Tea Talk 11: Diana Anderson | Travel Enthusiast

Meet Diana, goddess of travel. This girl has known me since…since, probably longer than anyone outside my family. We met at church when we were like five (I don’t know honestly know the exact time we met, but it pretty much spans my memory) and we were best buds right away. After high school we didn’t get to see each other nearly as much, but a few years ago we accidentally reunited in London and had an awesome time. Thank god we both grew up to love traveling and all things British. The best. I’m so excited to introduce you all to my friend, and travel aficionado, Diana!

What started your passion for travel?

My parents took me on my first 22 hour road trip when I was 11 months old down to Southern California. We went once a year every year for the following twenty years. Between those, we travelled to two countries and thirty eight states both by car and plane. I guess I never stopped.

What’s one travel tip you think the world should know?

Be nice! I’ve received countless upgrades just by being patient and understanding. I’ve witnessed people in the customer service industry – especially at airports – get yelled at for trivial problems that are completely out of their control and, being as they’re human, they tend to be more generous with those that don’t threaten them.

What’s your favorite cultural habit you’ve picked up?

The essence of relationships being above all else. Seattle is known for the Seattle Freeze so that’s what I’ve been used to, but in moving to the East Coast and traveling throughout Europe and Australia it is apparent how much other cultures value their relationships with their families and friends. This has significantly enhanced my quality of life.

What would you suggest for other women who are thinking about traveling?

Do it. Be smart, but go for it. I started traveling solo when there wasn’t a lot of information or groups so I felt like I was flying blind. Luckily times have changed and at this point there are so many resources and people that have gone before you that are willing to answer any questions. And if it’s fear that’s holding you back, my motto has always been “The worst thing that can happen to you, can happen in your backyard”. Sounds bleak, but don’t let your delusions of comfort lull you into complacency.

What’s one failure that you learned a lot from, when it comes to travel?

No amount of planning is going to prepare you. I’ve passed out in the streets of Paris due to dehydration, gotten a concussion in several theme parks, sprained an ankle, lost all means of contact to family back home, been stranded with no money, been robbed. You just have to roll with it and get inventive.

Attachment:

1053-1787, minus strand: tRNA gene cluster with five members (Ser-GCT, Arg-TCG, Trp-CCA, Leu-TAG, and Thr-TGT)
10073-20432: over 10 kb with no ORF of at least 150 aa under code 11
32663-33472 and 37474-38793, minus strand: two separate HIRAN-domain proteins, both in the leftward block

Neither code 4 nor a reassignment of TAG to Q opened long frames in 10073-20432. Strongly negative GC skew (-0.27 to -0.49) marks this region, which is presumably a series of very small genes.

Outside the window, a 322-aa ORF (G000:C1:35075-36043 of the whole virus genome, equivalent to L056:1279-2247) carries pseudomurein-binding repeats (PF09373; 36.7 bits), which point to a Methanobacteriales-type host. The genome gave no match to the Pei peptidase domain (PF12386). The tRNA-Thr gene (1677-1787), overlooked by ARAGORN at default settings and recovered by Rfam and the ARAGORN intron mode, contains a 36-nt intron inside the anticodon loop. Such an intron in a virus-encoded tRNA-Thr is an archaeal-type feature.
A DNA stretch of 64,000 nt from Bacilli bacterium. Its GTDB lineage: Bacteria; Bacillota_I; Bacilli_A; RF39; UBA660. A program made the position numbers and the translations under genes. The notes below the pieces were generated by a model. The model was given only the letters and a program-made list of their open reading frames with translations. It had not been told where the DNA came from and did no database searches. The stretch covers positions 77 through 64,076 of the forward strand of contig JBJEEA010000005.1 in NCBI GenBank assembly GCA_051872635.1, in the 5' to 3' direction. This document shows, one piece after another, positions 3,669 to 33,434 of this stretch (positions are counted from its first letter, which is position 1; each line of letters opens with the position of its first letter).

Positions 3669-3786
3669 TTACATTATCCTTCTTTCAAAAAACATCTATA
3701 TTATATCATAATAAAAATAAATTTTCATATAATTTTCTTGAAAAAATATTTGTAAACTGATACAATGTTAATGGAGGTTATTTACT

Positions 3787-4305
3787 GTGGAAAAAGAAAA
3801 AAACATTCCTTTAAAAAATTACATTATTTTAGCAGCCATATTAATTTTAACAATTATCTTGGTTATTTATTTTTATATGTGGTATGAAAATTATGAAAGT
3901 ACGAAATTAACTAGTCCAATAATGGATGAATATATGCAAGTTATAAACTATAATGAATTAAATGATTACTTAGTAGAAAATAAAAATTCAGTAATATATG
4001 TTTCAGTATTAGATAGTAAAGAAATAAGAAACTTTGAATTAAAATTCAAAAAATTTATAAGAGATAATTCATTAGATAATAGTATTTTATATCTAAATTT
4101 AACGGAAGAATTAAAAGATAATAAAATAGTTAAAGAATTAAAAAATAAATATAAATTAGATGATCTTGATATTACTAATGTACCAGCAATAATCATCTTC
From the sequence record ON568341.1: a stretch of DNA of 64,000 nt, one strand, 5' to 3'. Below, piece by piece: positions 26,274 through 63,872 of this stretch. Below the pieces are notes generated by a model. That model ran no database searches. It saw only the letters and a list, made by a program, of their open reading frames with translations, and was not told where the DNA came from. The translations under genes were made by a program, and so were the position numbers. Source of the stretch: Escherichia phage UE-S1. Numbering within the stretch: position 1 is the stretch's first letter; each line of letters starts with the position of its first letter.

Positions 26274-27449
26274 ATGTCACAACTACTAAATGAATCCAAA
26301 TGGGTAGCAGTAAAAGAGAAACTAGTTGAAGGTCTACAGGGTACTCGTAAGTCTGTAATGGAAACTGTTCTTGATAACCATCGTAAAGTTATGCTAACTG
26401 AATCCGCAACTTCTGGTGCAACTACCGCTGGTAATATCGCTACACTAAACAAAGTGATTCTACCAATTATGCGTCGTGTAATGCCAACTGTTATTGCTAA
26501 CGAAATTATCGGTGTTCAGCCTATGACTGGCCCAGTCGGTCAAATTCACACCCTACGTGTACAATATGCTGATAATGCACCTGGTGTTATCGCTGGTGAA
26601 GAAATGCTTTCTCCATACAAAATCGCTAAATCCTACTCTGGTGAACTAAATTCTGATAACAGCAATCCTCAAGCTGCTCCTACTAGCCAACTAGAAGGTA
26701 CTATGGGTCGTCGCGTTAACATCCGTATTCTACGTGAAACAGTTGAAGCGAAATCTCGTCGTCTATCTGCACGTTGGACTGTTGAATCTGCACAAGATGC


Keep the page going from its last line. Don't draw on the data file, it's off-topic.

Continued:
What’s one fear that you overcame, while traveling?

Speaking to other people. The first time I went international, I was alone and didn’t speak to hardly anyone despite it being an English speaking country. That fear has absolutely worn off.

What is your favorite way to travel (ex. plane, train, automobile) and why?

Train! I have a love affair with airports but any airplane trip longer than three hours makes me crazy. I once took the TGV from Cannes to Paris and instantly fell in love.

What is one piece of advice that you wish you could give your past self?

Keep going. Don’t let other people get in the way of traveling because it feeds your soul and you can’t help others if you’re not helping yourself first.

What is one place at the top of your bucket list that you’d like to visit?

Belize. At the start of my traveling, I spun a globe and my finger landed on Belize. I have to go just to say that I have.

Let’s talk about your current trip! What was your inspiration for your adventure?

I have this delusional habit in which I decide to go somewhere but don’t lock down any logistics until the last minute. I’m going to Europe in May, with at least a stop in London to see my sister and niece, but other than that, I have no idea yet. When I know I need to get away, I start planning and let it figure itself out.

What has been the best/toughest part of your most recent trip?

I was with someone else. I’m a planner and I’m stubborn so this was not going to be easy from the get-go.

What’s one thing you’ve learned from your most recent trip?

Not everyone likes to travel the way that I do. Up until this trip, I’d only gone on trips with my family – who taught me how to travel – and church groups – who dictated how I travel. Traveling with one other person for fun was difficult not only when we had personal arguments but when we realized we wanted to do things differently. Traveling, like relationships, is something you have to compromise on if you want to do it with someone else.

What’s one thing you’ve learned about yourself from your most recent trip?

I learned that I still need to improve how I visit new cities. I let my jet lag or my willful ignorance keep me from exploring and that has been a big hinderance. Since then, I’ve taken several small trips and tried to force myself out of my comfort zones. It’s been very rewarding!

Anything else you’d like to add?  

Travel isn’t how Instagram models make it out to be. It’s not all pretty pictures from glamorous hotel rooms, but it’s in the gritty sleeping-in-the-tub-to-avoid-bedbugs that you gain the real benefits. Solo travel teaches a person a lot about themselves and that’s why it’s so incredibly important to do.

Tea Talk is a monthly series featuring extraordinary women who travel around the world! If you know someone who should be featured, or would like to be featured yourself, shoot me an email at morehouseemilee@gmail.com or post a message on this blog post! Join me again in April for the next feature!